Staffing Companies: Good versus Great

If you ask staffing companies to describe themselves, most of them will say they provide great people and great service. Unfortunately, most of them are wrong.

In reality, most staffing companies do a pretty good job at a pretty good price. (If they didn’t, they wouldn’t be in business.) Very few staffing companies, however, are truly great.

There’s a strong distinction between “good” and “great” in this business. But what is it that separates most staffing companies (the “good”) from the exceptional staffing companies (the “great”)? What characteristic is present in the companies that consistently kick their competition to the curb?

Here’s the answer: those companies build and retain great internal teams.

Yes, it’s that simple. Surprised? You shouldn’t be. After all, the staffing business is about people, right? And it makes sense that the category “people” includes not only employees who are placed in positions with clients but also the staff needed to run the business itself.

About a year ago, I pointed out that the best staffing companies realize that “selling people is much different from selling copiers, cars, or software.” The top performing companies in your market know this all too well and keep it in mind with each and every internal hire they invest in. I wrote, “The best staffing firms understand that their success hinges on hiring internal candidates that fit their ideal candidate profile, not on simply moving ‘products’ (people) out the door or into a seat.”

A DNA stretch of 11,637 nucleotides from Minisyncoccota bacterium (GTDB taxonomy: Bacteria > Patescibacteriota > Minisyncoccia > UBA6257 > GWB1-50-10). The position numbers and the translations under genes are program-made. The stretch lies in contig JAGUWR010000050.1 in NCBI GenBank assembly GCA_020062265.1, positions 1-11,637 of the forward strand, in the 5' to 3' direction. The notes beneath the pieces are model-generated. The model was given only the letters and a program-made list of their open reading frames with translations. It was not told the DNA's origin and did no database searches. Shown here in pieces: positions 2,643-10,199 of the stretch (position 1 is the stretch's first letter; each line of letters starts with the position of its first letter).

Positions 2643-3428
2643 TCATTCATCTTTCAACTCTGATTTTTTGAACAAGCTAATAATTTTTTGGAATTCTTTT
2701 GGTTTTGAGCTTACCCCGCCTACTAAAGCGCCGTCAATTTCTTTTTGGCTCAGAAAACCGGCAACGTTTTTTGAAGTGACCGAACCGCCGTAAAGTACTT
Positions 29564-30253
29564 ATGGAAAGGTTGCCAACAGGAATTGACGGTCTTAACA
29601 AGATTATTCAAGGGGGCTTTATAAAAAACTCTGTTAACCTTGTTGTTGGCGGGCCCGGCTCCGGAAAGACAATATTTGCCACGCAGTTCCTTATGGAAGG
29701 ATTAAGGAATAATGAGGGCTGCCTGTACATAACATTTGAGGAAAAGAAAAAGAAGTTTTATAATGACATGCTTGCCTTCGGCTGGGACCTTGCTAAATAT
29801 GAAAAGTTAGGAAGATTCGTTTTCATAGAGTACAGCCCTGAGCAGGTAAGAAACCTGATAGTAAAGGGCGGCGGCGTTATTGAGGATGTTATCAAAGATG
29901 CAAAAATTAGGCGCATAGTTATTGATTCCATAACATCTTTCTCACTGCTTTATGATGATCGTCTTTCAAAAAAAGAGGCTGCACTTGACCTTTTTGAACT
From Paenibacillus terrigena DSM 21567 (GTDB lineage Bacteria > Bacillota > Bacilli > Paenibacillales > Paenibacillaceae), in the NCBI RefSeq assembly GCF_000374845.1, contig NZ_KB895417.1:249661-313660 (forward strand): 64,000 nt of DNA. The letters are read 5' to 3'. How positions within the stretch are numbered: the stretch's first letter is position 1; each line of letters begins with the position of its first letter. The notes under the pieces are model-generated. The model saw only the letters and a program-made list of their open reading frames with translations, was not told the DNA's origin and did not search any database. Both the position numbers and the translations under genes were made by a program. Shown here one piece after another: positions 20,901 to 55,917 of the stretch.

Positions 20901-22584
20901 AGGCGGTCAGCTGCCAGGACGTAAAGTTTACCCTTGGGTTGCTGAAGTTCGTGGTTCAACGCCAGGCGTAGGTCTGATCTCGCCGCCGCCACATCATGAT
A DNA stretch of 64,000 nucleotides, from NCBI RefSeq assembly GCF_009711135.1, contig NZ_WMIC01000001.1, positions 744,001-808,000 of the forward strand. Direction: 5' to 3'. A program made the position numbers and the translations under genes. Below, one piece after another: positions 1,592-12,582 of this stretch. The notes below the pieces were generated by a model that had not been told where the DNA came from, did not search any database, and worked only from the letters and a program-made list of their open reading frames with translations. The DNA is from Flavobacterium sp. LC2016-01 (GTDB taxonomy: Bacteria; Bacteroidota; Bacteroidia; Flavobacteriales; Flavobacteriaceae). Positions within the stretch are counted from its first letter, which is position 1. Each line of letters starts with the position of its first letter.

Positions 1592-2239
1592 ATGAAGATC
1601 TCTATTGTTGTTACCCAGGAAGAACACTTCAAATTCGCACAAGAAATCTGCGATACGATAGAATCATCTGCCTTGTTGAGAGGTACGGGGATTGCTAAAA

When asked to identify the positions that are the most difficult to fill, nine out of ten staffing company owners will point to their internal hires. Even when companies already have good processes in place to identify and hire the right talent, though, retaining those employees is a completely different matter.

In the staffing sales world, closing the deal gets you only halfway to your paycheck. No one makes money on job orders alone in the staffing industry—you still have to make the placements in order to get paid. Under that kind of pressure, no wonder it’s hard for your internal hires to stay motivated. And if your great hires lose their motivation and become too discouraged, eventually they’ll walk out your door.

So what can you do? First and foremost, you must fully recognize the importance of building and keeping the right team. This means you must prioritize putting time, money, and other resources to work in achieving this goal.

But how exactly do you do this? That’s the tricky part. I can’t draw a road map for you here for two reasons. One, your solution must be particular to your organization and its needs, its people, and its overall long-term goals. And two, because a great team truly is the foundation of a successful company, it’s highly unlikely that all of the possible “how-tos” for this incredibly important process can be distilled into one short blog post! (You can, however, get some pointers from Jim Collins’s excellent books on the subject.)

What I can do, though, is assure you that if you focus your efforts on building a strong internal team, you’ll be one step closer to being the fiercest competitor in your market!

 

 

 

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